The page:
Oxford Handbook of Clinical Medicine

Oxford Handbook of Clinical Medicine

British Journal of Anaesthesia, 98 (6): 849 –51 (2007) Book Reviews Anaesthesia Science. N. R. Webster and H. F. Galley (editors). Published by Blac...

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British Journal of Anaesthesia, 98 (6): 849 –51 (2007)

Book Reviews

Anaesthesia Science. N. R. Webster and H. F. Galley (editors). Published by Blackwell Publishing/BMJ Books, London, UK. Pp. 466; indexed; illustrated. Price £69.50. ISBN 9780-7279-1773-7.

J. P. Thompson Leicester, UK E-mail: [email protected] doi:10.1093/bja/aem107

Oxford Handbook of Clinical Medicine, 7th Edn. M. Longmore, I. Wilkinson, T. Turmezei and C. K. Cheung (editors). Published by Oxford University Press, Oxford, UK. Pp. 840; indexed; illustrated. Price £22.95. ISBN 0-19-856837-1.

The Oxford Handbook of Clinical Medicine enters its seventh edition, 21 yr after the first edition entered junior doctors’ white-coat pockets. In itself, such ongoing demand is an indication of this book’s appeal. The Oxford Handbook series was originally ground-breaking in its format; bullet-points, a matter-of-fact approach married with a white-coat-pocket size, and splash-proof covers made them a big hit. Their compact dimensions belied their detailed contents. Many readers will be familiar with the enormous amount crammed into the current Oxford Handbook of Anaesthesia. The Oxford Handbook of Clinical Medicine does not disappoint in this regard—its 840 pages of tightly spaced text waste no words on flowery prose or descriptive style, and information is delivered in a direct and unambiguous style, with minimal preamble. Photographs, radiographs, and line illustrations are used generously, and this edition is the first to use colour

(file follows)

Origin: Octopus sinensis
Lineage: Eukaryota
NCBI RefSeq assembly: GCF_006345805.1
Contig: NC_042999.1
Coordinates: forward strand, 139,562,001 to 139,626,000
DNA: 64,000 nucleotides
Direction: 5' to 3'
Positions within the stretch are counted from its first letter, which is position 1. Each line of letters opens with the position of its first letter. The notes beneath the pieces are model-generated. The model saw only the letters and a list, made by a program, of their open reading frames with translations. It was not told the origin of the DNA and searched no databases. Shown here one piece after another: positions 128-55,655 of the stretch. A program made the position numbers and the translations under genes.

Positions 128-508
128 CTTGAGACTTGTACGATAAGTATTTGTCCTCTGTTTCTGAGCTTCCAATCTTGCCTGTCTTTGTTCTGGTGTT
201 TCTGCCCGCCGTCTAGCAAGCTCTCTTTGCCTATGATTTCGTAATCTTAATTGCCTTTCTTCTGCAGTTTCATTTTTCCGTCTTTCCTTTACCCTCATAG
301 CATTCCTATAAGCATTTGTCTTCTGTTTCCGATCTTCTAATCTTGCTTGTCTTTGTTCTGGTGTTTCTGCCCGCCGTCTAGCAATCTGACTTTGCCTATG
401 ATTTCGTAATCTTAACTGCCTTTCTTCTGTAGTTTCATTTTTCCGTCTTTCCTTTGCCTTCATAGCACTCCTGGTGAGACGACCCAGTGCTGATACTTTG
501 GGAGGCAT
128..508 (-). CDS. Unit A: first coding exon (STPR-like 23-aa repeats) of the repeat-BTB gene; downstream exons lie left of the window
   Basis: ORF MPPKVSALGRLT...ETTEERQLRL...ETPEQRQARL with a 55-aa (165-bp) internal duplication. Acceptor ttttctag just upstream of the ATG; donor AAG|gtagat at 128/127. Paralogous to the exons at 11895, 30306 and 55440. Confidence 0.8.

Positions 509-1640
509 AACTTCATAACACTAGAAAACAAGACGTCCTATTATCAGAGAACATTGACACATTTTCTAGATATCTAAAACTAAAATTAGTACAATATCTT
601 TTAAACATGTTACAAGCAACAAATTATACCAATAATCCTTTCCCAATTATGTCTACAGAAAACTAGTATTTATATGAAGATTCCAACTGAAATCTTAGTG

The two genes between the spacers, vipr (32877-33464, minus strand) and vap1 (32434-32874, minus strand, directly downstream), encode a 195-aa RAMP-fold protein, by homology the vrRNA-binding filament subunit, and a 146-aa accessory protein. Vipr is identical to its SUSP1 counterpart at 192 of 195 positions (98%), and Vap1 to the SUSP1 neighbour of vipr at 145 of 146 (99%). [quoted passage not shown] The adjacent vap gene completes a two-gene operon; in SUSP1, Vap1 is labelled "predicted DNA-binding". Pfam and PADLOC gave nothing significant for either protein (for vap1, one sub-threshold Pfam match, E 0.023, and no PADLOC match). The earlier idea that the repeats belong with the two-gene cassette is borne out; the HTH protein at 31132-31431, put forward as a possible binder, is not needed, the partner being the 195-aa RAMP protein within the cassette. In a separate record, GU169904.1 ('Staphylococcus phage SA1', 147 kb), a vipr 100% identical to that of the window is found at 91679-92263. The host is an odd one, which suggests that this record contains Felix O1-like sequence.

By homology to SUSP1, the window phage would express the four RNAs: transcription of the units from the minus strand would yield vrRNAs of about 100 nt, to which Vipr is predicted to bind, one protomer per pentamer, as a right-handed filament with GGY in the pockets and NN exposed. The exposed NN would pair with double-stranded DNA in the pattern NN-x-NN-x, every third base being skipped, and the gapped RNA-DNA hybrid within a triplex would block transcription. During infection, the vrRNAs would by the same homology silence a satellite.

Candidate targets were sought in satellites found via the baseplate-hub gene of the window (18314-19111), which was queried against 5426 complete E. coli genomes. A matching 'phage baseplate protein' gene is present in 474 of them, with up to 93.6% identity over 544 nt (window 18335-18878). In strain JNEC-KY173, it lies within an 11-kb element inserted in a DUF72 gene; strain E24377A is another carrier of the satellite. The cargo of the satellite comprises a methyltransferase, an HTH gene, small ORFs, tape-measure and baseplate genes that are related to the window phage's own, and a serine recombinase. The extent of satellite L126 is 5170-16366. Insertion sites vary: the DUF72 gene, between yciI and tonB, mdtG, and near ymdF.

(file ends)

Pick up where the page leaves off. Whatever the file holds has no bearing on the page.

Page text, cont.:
# The Board of Management and Trustees of the British Journal of Anaesthesia 2007. All rights reserved. For Permissions, please e-mail: [email protected]